21 Katalin Péter, “Bethlen Gábor emlékezete. A fejedelem pályakezdése,” Századok 114 (1980): 744–49; Klára Jakó, “Báthory Gábor és a román vajdaságok,” in Báthory Gábor és kora, 123–33; Teréz Oborni, “Báthory Gábor megállapodása a Magyar Királysággal,” in ibid., 111–22.

22 Ildikó Horn, “A fejedelmi tanács Bethlen Gábor korában,” Századok 145 (2011): 997–1027; Zsuzsanna Cziráki, “Brassó és az erdélyi szászok szerepe Bethlen Gábor fejedelem trónfoglalásában (1611–1613),” Századok 145 (2011): 847–76.

23 Gáspár Bojti Veres, “A nagy Bethlen Gábor viselt dolgairól,” in Bethlen Gábor emlékezete, comp., ed. László Makkai (Budapest: Magyar Helikon, 1980), 36, 95–103. His biography by Emma Bartoniek in Fejezetek a XVI–XVII. századi magyarországi történetírás történetéből, ed. Ritoók Zsigmondné (Budapest: Magyar Tudományos Akadémia Irodalomtudományi Intézete–Magyar Tudományos Akadémia Könyvtára, 1975), 327–38.

24 Nóra G. Etényi, Hadszíntér és nyilvánosság. A magyarországi török háború hírei a 17. századi német újságokban (Budapest: Balassi, 2003).

25 Bethlen’s letter to Melchior Khlesl, Fogaras, 19 February 1614. Sándor Szilágyi, ed., “Bethlen Gábor politikai levelei,” Történelmi Tár 3 (1880): 461. Published more recently by Teréz Oborni, “Bethlen Gábor és a nagyszombati szerződés (1615),” Századok 145 (2011): 877−914, quotation: 901–2.

26 Zsolt Trócsányi, “Bethlen Gábor hivatalszervezete,” Századok 115 (1981): 698–702; Ildikó Horn, “A fejedelmi tanács Bethlen Gábor korában,” Századok 145 (2011): 997–1028.

27 Rezső Lovas, “A szász kérdés Bethlen Gábor korában,” Századok 78 (1944): 419–62; Judit Balogh, “A székely nemesség helyzete Bethlen Gábor fejedelemsége alatt a Liber Regius oklevelei alapján,” Publicationes Universitatis Miskolcinensis. Sectio Philosophica 13, no. 3 (2008): 335–61.

28 Szekfű, Bethlen Gábor; Zsolt Trócsányi, “Bethlen Gábor erdélyi állama,” Jogtudományi Közlöny 35 (1980): 617–22; Zsolt Trócsányi, Erdély központi kormányzata 1540–1690 (Budapest: Akadémiai, 1980); Teréz Oborni, “Az Erdélyi Fejedelemség állama és politikai berendezkedése,” Korunk 34, no. 3 (2013): 8–16.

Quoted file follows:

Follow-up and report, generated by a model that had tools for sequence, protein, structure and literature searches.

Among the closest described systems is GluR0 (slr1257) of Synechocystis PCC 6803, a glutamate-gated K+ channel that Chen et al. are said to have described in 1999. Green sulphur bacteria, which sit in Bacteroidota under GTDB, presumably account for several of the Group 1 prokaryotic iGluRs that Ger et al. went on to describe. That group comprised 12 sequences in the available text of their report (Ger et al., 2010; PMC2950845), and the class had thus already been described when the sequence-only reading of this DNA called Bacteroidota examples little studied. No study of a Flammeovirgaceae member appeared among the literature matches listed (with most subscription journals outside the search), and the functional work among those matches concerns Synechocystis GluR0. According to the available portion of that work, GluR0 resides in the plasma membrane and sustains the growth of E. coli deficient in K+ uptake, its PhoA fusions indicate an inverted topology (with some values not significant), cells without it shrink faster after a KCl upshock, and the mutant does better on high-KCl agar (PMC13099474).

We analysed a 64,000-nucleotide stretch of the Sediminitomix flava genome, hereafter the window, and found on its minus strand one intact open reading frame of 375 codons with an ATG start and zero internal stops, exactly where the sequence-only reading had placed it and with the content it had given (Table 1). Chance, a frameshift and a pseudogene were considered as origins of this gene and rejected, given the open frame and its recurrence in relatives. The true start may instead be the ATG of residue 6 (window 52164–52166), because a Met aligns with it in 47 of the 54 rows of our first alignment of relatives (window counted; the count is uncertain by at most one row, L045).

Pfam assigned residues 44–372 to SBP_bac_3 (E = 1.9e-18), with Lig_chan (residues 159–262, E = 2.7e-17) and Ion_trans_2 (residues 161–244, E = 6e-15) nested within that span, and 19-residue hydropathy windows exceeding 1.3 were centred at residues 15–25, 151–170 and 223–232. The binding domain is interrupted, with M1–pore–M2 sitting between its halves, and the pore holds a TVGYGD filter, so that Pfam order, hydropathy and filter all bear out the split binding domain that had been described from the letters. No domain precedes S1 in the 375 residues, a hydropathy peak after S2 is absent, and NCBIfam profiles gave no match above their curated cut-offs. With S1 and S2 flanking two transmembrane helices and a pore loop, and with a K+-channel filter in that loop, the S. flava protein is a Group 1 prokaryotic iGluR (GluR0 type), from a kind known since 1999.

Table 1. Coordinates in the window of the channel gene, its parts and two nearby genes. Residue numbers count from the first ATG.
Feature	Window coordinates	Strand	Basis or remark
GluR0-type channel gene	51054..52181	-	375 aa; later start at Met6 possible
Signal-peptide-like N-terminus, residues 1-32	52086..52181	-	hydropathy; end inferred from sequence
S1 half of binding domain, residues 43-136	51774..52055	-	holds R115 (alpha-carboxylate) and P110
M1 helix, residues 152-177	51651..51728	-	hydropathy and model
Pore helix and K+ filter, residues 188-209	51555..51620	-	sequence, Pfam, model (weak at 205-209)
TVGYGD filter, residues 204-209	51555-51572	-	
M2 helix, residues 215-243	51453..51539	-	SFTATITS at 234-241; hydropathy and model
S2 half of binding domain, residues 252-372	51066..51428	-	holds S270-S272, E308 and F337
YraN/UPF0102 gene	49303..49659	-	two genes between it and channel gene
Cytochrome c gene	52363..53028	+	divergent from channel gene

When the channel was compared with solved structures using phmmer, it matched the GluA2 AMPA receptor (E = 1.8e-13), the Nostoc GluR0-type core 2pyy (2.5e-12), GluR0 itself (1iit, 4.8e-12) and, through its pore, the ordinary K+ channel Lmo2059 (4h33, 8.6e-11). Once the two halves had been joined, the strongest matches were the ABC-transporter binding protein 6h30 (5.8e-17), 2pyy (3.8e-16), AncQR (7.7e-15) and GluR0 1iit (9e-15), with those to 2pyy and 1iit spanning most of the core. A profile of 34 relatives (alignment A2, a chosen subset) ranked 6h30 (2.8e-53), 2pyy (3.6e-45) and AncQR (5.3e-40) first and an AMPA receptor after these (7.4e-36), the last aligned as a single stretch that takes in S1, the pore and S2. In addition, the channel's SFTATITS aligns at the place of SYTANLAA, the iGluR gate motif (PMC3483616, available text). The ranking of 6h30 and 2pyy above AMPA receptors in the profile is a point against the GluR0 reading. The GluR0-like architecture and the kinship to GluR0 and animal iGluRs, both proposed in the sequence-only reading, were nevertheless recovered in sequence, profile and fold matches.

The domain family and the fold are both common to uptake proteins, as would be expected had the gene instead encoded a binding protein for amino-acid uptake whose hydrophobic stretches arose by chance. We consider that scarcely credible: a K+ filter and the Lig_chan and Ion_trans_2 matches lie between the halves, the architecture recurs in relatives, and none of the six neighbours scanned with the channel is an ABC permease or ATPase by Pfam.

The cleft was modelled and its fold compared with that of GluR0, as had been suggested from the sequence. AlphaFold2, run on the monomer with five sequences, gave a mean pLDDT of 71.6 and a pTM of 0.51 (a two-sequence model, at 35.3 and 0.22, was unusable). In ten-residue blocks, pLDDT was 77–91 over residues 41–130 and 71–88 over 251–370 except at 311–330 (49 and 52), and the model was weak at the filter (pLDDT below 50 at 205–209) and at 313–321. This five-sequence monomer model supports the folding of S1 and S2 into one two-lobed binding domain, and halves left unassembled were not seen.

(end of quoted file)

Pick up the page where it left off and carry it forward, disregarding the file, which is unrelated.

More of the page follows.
29 Szekfű, Bethlen Gábor, 56; Kálmán Benda, “Diplomáciai szervezet és diplomaták Erdélyben Bethlen Gábor korában,” Századok 145 (1981): 725–30.

30 Péter Erdősi, Hatalom és reprezentáció Báthory Zsigmond erdélyi fejedelem udvarában (1581–1598) (PhD diss., ELTE, 1999); Péter Erdősi: “Báthory Zsigmond ünnepi arcmása. A fejedelem és a ceremóniák,” Aetas 10 (1995): 24–67; Horn, Báthory András.

31 Péter Erdősi, “A politikai színlelés funkciói és megítélése Báthory Zsigmond erdélyi fejedelem udvarában,” in Színlelés és rejtőzködés. A kora újkori magyar politika szerepjátékai, ed. Nóra G. Etényi and Ildikó Horn (Budapest: L’Harmattan–Transylvania Emlékeiért Tudományos Egyesület, 2010), 77–108.

32 Emil Haraszti, “Étienne Bathory et la musique en Transylvanie,” in Étienne Báthory, roi de Pologne, prince de Transylvanie (Kraków: Imprimerie de l’Université des Jagellons, 1935), 71–80; Péter Király, “Somlyai (ifj.) Báthory István és a zene,” in idem, Magyarország és Európa. Zenetörténeti írások (Budapest: Balassi, 2003), 45–52.

33 Robert J.W. Evans, Rudolf II and his World (Oxford: Clarendon, 1973); Eliška Fučíková, “Prague Castle under Rudolf II, His Predecessors and Successors 1530–1648,” in Rudolf and Prague. The Imperial Court and residential city as the Cultural and spiritual heart of Central Europe, ed. Eliska Fučikova et al. (London: Thames and Hudson, 1997), 2–71.

34 Endre Veress, “Bethlen Gábor fejedelem ifjúsága. (Bethlen ifjúkori leveleivel),” Erdélyi Múzeum 9, no. 6 (1914): 285–338; Kees Teszelszky, “Bocskai István követének iratai az európai politika tükrében,” in Színlelés és rejtőzködés. A kora újkori magyar politika szerepjátékai, ed. Nóra G. Etényi and Ildikó Horn (Budapest: L’Harmattan–Transylvania Emlékeiért Tudományos Egyesület, 2010), 143–64.

35 “Bethlen Gábor végrendelete,” in Magyar gondolkodók. 17. század, sel., ed. and ann. Márton Tarnóc (Budapest: Szépirodalmi, 1979), 107, 112–13.

36 Zsigmond Jakó, “A nagyenyedi kollégium Bethlen-könyvtárának kezdetei és első korszaka (1622–1658),” in idem, Írás, könyv, értelmiség (Bucharest: Kriterion, 1676), 199–200; Sándor Iván Kovács et al., “Bethlen Gábor könyvtárának újabban előkerült darabja” Magyar Könyvszemle 85 (1969): 376–77; István Sinkovics, “Szamosközy István,” in István Szamosközy, Erdély története (Budapest: Magyar Helikon, 1977), 31; Teréz Oborni, “‘…quem historiae Transylvaniae patrem merito dixeris…’ Az erdélyi történetírás atyja: Szamosközy István,” Korunk 22, no. 5 (2011): 16–22; Antal Pirnát, “Die Heliodor-Übersetzung von Enyedi,” in György Enyedi and Central European Unitarism in the 16–17th Centuries, ed. Mihály Balázs and Gizella Keserű, vol. 11 of Studia Humanitatis (Budapest: Balassi, 2000), 285; István Milotai Nyilas, Speculum tributaris (Debrecen: n.p., 1622), Régi Magyarországi Nyomtatványok (hereafter RMNy) 1262; István Monok, A művelt arisztokrata (Budapest: Kossuth, 2012), 50–55.

37 Károly Szabó, “Bethlen Gábor sajátkezű feljegyzése,” Történelmi Tár 5 (1882): 267.